Even though the Toyota Supra and the BMW Z4 are mechanically related, they are different cars for different purposes. The Supra is a street racer, for the fortunate youthful few living out their “Fast and Furious” fantasies or more mature drivers yearning to relive their own youth. The Z4 is a roadster made for cruising at speed. On the track or around town, the Z4 works to deliver an engaging driving experience, earning an 8.0 of 10 in performance.
The two engine choices in the Z4 let it be enjoyed as a peppy cruiser or a trackable thrill ride. The base sDrive30i is powered by a 255-hp 2.0-liter turbo-4 with an 8-speed automatic transmission that generates 295 pound-feet of torque. That torque comes on early and maintains from 1,550 rpm to 4,400 rpm. Even though there is no manual transmission, the diminutive paddle shifters are a perfect match for the quick shifting 8-speed automatic that provides plenty of passing power and enough pop from a stop to leave traffic behind. It hits 60 mph in 5.2 seconds.
New for 2020, the Z4 M40i hits 60 mph in 3.9 seconds but, starting at $64,695 it costs $14,000 more that the 30i. The price of speed is pretty sweet, if you’ve got it. The M40i is powered by a 382-hp 3.0-liter turbo-6 with an 8-speed automatic transmission churning 369 lb-ft to the rear wheels. Peak torque comes at just 1,600 rpm, so there is plenty of grunt available with the quick-shifting 8-speed. It surprises a passenger from a stop, causing him to reach for handles and brace for God. It lifts off quickly, despite its 3,457-pound curb weight, which is the same as some small crossovers. The transmission doesn’t want to be pushed much past 5,000 rpm, and will shift for you if you tempt the redline or put it in manual mode. The small, contoured paddle shifters are nearly perfect for a tap in and tap out, even around town.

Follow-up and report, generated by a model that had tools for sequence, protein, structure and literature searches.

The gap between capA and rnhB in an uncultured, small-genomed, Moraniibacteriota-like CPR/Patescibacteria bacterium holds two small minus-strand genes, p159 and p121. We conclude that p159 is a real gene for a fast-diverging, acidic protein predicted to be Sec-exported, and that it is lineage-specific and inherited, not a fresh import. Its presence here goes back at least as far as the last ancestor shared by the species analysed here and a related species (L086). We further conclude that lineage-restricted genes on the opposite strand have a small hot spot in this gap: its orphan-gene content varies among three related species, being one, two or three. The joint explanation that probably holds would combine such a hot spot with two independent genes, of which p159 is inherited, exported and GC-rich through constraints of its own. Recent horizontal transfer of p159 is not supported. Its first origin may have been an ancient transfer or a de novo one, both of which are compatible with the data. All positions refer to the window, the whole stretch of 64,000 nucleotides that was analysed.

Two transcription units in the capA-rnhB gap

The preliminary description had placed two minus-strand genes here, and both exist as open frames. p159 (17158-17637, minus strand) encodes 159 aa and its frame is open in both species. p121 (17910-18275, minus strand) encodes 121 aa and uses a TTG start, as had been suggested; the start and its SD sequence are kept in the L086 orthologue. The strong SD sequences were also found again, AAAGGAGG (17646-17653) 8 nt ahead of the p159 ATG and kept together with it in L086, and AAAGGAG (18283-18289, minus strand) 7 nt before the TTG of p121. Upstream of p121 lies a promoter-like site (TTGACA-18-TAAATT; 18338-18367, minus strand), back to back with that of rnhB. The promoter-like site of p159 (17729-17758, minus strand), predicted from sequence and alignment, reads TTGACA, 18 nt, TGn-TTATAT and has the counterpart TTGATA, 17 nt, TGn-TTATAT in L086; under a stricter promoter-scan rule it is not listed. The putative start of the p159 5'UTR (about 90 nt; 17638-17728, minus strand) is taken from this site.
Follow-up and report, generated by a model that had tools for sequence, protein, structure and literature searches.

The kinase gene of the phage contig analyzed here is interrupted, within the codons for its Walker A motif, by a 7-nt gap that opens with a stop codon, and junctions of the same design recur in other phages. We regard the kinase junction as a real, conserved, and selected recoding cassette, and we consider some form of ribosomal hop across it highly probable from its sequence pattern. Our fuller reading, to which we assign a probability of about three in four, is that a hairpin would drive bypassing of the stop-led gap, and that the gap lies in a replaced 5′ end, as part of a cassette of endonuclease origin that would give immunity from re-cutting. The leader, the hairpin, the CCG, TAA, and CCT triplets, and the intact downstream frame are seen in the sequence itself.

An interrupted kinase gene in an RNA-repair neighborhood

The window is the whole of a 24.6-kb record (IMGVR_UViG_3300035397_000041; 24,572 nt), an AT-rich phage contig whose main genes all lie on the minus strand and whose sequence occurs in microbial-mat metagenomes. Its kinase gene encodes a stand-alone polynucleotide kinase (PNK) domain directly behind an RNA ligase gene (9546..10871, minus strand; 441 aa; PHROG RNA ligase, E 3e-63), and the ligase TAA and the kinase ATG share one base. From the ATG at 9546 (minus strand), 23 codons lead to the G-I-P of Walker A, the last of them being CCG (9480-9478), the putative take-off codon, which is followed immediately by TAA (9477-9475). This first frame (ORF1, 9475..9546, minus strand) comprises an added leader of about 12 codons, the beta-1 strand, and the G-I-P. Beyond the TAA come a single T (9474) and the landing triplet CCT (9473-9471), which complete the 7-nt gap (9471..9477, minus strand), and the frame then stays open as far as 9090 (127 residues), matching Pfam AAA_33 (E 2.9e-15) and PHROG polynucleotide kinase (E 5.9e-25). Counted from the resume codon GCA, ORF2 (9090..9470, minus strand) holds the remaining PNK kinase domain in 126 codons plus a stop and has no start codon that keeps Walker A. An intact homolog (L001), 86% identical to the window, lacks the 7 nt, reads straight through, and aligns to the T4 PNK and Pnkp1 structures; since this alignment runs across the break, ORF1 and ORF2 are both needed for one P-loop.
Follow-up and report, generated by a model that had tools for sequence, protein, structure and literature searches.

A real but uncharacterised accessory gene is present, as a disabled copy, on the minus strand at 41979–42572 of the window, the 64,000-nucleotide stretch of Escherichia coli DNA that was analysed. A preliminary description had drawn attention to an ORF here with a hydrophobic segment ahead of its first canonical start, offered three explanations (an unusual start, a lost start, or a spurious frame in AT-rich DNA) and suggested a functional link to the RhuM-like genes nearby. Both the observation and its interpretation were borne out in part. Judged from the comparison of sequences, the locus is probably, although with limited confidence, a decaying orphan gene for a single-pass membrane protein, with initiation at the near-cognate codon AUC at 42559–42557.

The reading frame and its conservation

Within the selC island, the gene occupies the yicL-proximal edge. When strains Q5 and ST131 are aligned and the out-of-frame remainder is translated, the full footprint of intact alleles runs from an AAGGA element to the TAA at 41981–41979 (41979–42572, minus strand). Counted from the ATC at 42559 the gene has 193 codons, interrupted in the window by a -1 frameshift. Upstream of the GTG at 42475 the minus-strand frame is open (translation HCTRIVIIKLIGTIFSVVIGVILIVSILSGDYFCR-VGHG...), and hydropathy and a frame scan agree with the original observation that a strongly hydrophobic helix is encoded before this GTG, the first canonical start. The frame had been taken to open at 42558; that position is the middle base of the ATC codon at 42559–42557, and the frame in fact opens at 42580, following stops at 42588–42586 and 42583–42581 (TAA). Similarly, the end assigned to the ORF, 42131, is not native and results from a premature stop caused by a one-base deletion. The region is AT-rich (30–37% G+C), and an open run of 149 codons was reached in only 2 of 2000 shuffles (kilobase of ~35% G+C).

In sport mode, the baffles on the Z4 open up from an idle murmur to an impatient grumble. Hammer the throttle with the top down and that hunger fills the air, then lay off the gas and the exhaust baffles snap crackle and pop as if it’s telling you it’s hungry for more gas.
The variable-assist electric steering provides more feedback the harder the Z4 is pushed, so it’s light and loopy at low speeds or while cruising, and tighter while performing.
The Z4 M40i comes standard with Adaptive M Sport suspension and electronic locking rear differential, which are optional on the 30i. The suspension softens while cruising and tightens up at speed, with the differential correcting for optimal grip multiple times per second. Under certain conditions, these minute but precise corrections can create a slight skipping sensation in the rear, but it’s these same torque corrections that let you bust out of turn at higher speeds. It’s not as wag happy as a Mazda MX-5 Miata, but not as precise or confidence-inspiring as the 718 Boxster. It’s still a blast to track, and the M Sport Brembo Brakes grab the 19-inch alloy wheels shod in Pilot Super Sports with enough force to take the next lap faster.
While impressive on the track, the Z4 is best had as a roadster, as designed. The 30i has similar handling characteristics, but the M40i’s suspension is 0.4 inches lower, making it all the better to zip through hairpins quicker.
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